San Francisco residents overwhelmingly voted to uphold a ban on all flavored tobacco, including menthol cigarettes and flavored e-cigarette liquids.
The city's supervisors approved the measure last summer, but tobacco giant R.J. Reynolds and a coalition of businesses and industry associations challenged it. Nearly 70 percent of voters supported the ban, according to San Francisco's election results.
Tuesday's vote ends a campaign that pitted Big Tobacco against former New York mayor and billionaire philanthropist Michael Bloomberg and public health groups. R.J. Reynolds, the maker of best-selling menthol cigarette brand Newport, poured more than $11.6 million into the effort. Bloomberg donated $1.8 million of the $2.3 million raised by supporters of the ban.
The results could spark momentum for other cities to pursue similar legislation. At the very least, it is a reminder of the growing scrutiny around the role flavors play in attracting people to tobacco and nicotine products.
"San Francisco's groundbreaking law stands – and will stop the tobacco industry from targeting kids, African Americans and other populations with menthol- and candy-flavored products, as the industry has done for far too long," Campaign for Tobacco-Free Kids President Matthew Myers said in a statement. "The San Francisco vote gives a powerful boost to growing efforts around the country to end the sale of flavored tobacco products."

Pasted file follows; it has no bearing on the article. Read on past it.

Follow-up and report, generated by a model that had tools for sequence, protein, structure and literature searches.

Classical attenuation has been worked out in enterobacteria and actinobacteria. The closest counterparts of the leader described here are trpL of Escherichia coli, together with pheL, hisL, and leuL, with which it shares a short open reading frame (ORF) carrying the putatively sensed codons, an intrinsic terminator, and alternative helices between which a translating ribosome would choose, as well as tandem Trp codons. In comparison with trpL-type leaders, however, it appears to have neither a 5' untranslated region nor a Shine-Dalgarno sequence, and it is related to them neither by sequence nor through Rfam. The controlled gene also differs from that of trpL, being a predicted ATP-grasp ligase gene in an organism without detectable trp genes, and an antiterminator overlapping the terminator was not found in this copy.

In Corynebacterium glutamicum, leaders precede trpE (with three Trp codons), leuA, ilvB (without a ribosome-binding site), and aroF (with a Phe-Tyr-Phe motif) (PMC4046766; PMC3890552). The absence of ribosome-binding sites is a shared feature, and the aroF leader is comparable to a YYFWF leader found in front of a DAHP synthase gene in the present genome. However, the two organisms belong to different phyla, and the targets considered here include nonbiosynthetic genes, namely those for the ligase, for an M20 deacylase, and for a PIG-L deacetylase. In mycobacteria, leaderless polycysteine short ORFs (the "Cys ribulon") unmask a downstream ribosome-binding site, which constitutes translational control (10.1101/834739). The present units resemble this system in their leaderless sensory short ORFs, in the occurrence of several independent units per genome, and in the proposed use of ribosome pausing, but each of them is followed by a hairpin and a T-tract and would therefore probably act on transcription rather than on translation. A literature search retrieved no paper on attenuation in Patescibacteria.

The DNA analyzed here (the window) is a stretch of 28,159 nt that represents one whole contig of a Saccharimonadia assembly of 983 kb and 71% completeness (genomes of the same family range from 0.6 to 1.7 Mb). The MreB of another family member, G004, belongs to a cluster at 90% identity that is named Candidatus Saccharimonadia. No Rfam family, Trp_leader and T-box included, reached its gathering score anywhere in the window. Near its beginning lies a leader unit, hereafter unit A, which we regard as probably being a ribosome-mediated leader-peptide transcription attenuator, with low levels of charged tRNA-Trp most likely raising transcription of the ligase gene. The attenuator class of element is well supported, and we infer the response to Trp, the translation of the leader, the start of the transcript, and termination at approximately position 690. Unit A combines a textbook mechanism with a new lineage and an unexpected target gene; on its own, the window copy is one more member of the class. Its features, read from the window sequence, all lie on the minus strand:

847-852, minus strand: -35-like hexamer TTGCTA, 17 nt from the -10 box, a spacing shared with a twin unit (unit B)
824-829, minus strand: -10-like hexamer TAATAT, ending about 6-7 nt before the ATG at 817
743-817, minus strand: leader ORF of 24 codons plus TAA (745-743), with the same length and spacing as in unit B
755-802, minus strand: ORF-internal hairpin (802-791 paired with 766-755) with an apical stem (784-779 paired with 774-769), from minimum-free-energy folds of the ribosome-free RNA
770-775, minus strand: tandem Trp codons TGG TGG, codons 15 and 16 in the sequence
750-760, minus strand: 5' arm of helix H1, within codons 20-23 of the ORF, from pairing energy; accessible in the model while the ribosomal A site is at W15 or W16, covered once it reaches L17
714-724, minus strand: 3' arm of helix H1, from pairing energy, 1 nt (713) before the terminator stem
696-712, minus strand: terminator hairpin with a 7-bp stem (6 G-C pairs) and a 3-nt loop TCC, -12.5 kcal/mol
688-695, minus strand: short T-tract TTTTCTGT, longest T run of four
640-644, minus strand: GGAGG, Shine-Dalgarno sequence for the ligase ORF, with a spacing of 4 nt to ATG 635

In a statement, Bloomberg said the vote marks "an important step forward" for public health in San Francisco and shows the tobacco industry can be defeated, no matter how much money it spends.
A spokesman for R.J. Reynolds said the vote is a "setback" for harm reduction efforts. E-cigarette makers and even the Food and Drug Administration have adopted the idea that these products can be used to switch adult smokers onto nicotine alternatives that are potentially less risky than smoking conventional cigarettes.
However, critics question whether fruity flavors like creme brulee and mango really appeal to adults who are used to tobacco flavor. Skepticism has increased as Juul, a sleek e-cigarette, has become popular with teenagers across the nation.
Opponents have called on the FDA to limit the use of flavors. The agency said in March it will consider the role they play in helping adult smokers quit smoking cigarettes and attracting teens to e-cigarettes.
This is the bigger potential risk for tobacco stocks, Wells Fargo analyst Bonnie Herzog wrote Wednesday in a note to clients. Herzog thinks a federal menthol ban is "extremely unlikely" but something for the industry to watch.
Menthol represents about 35 percent of the total industry's cigarette volume, Herzog said. British American Tobacco, which acquired R.J. Reynolds last year, and Altria have leading shares in the space.
In the meantime, other communities may follow San Francisco's lead. California neighbor Oakland approved a similar ban in September that's scheduled to take effect this year. New Jersey lawmakers drafted legislation of their own earlier this year that would prohibit menthol cigarettes.